Tajikistan’s government has secured legislative approval for the revised version of a plan to use a bank recapitalisation programme as a means of raising funds for work on the Roghun hydroelectric power plant (HPP).
On April 21, the lower house of the Tajik parliament voted to endorse the plan, which calls for issuing 530 million somoni (US$62.5 million) worth of bonds to recapitalise two banks – Agroinvestbonk and Tojik Sodirot Bank (TSB). According to the plan, the proceeds of the bond issues will be used to fund the Roghun project.
Both TSB and Agroinvestbonk suffered severe cash shortages last year that left them unable to cover withdrawals by customers, including private citizens seeking to recover their savings and government departments seeking to pay public-sector employees. As such, the Tajik government named them as beneficiaries of a recapitalisation programme launched late last year.
Under that programme, Dushanbe issued 3.85 billion somoni (US$450 million) worth of bonds with the aim of covering most of the cost of recapitalising distressed banks on December 21. Agroinvestbonk and TSB were not the only intended targets, as the government was also seeking to help two other banks – Fononbank and Tajprombank.
In December, Tajik officials said that the proceeds of the bond issue would be divided up as follows: 2.25 billion somoni (US$270 million) to TSB, 1.7 billion somoni (US$200 million) to Agroinvestbonk, 450 million somoni (US$53 million) to Tajprombank and 80 million somoni (US$9.4 million) to Fononbank. But the latter two banks were forced to close their doors in late February, when the National Bank of Tajikistan revoked their operating licences.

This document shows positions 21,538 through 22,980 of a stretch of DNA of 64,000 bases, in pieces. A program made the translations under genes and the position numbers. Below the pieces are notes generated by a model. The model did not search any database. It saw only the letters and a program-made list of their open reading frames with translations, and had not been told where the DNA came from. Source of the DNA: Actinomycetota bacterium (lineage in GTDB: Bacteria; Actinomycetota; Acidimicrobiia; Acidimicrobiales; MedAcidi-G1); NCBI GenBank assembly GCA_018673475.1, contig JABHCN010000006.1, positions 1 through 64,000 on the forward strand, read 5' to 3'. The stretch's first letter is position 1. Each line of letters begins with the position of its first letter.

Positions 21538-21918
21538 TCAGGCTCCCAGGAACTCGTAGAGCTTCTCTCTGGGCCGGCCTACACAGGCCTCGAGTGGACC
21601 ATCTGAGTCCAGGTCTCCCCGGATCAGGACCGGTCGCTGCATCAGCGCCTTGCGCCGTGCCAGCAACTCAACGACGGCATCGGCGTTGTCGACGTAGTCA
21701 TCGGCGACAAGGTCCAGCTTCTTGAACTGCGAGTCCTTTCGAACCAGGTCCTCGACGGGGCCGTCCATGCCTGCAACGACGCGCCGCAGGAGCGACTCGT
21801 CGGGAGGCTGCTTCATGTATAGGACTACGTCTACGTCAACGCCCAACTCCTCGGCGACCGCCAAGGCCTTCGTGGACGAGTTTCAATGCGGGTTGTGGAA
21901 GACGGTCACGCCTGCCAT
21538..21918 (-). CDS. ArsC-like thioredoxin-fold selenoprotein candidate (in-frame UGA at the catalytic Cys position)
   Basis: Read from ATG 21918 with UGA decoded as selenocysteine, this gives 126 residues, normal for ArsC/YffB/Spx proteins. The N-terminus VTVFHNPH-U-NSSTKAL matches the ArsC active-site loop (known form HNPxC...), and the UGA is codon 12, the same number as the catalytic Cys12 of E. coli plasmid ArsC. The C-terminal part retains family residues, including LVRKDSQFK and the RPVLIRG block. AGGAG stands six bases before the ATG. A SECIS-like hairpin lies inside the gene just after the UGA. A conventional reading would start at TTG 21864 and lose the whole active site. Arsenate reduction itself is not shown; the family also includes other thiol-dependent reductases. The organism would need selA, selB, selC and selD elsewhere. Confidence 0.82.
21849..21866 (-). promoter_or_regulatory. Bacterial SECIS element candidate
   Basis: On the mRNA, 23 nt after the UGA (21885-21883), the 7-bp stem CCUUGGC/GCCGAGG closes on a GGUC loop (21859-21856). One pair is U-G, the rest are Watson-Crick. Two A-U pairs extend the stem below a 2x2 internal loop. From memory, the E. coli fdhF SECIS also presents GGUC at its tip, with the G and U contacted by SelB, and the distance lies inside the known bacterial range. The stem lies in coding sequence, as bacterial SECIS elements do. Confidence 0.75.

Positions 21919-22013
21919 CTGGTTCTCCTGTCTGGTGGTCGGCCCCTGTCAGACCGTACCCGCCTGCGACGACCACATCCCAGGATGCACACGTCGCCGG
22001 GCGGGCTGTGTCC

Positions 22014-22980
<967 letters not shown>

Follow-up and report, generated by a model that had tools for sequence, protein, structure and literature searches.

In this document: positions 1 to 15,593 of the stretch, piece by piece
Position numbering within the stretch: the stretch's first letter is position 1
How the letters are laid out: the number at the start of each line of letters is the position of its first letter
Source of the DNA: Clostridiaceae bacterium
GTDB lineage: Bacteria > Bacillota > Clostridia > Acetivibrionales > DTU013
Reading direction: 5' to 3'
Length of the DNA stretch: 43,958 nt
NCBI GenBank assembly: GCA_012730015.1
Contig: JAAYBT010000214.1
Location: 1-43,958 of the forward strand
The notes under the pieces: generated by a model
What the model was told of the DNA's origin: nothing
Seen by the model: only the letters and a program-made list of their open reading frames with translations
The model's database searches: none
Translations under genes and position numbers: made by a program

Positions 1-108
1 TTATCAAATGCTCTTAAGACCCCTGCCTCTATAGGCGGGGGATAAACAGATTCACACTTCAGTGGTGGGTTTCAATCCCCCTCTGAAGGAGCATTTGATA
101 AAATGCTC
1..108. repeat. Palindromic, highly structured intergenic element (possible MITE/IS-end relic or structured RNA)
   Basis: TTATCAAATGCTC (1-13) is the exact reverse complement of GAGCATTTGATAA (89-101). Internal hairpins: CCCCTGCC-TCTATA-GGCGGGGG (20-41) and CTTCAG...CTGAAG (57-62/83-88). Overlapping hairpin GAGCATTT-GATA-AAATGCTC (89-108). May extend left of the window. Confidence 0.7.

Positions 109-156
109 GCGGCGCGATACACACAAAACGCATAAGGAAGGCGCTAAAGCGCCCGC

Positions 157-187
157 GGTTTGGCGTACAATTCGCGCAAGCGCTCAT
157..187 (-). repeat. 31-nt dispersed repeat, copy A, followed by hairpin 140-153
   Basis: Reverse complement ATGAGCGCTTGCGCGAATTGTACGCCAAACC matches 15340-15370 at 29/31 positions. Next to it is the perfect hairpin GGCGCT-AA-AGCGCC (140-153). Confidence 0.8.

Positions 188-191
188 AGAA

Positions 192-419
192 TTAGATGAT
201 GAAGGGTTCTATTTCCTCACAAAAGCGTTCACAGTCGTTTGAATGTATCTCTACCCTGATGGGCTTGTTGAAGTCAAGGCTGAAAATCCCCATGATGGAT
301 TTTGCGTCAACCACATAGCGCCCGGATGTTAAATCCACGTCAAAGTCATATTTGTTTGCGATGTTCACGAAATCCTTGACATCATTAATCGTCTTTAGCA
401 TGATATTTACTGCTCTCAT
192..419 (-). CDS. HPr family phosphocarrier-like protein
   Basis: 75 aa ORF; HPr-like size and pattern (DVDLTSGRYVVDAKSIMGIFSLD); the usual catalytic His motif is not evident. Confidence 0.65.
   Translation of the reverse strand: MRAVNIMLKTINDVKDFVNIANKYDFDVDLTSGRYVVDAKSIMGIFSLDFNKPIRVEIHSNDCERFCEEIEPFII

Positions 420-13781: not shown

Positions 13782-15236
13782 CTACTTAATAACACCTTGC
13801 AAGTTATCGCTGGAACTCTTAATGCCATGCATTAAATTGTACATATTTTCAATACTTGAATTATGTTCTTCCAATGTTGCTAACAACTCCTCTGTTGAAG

As a result, Dushanbe has not yet offered the 530 million somoni (US$62.5 million) worth of bonds issued on behalf of Tajprombank and Fononbank. The new version of the plan makes provisions for moving forward with the sale so that the proceeds can be channelled into the Roghun project.
The date of the bond issue has not been set yet. The Tajik Finance Ministry intends to move forward with the sale once it signs an agreement with the company set up to build the Roghun HPP and the central bank, according to Deputy Finance Minister Jamshed Nourmahmadiyon.
Existing plans call for the Rogun HPP to include six units, each with a generating capacity of 600 MW, and a dam nearly 335 metres high, which will make it the tallest in the world. Work on the plant began in the mid-1970s, during the Soviet era, but was frozen in the early 1990s. Dushanbe has tried several times to push forward with construction, but the project has been on hold since 2012, partly owing to disputes over shareholder structure, design and budgeting.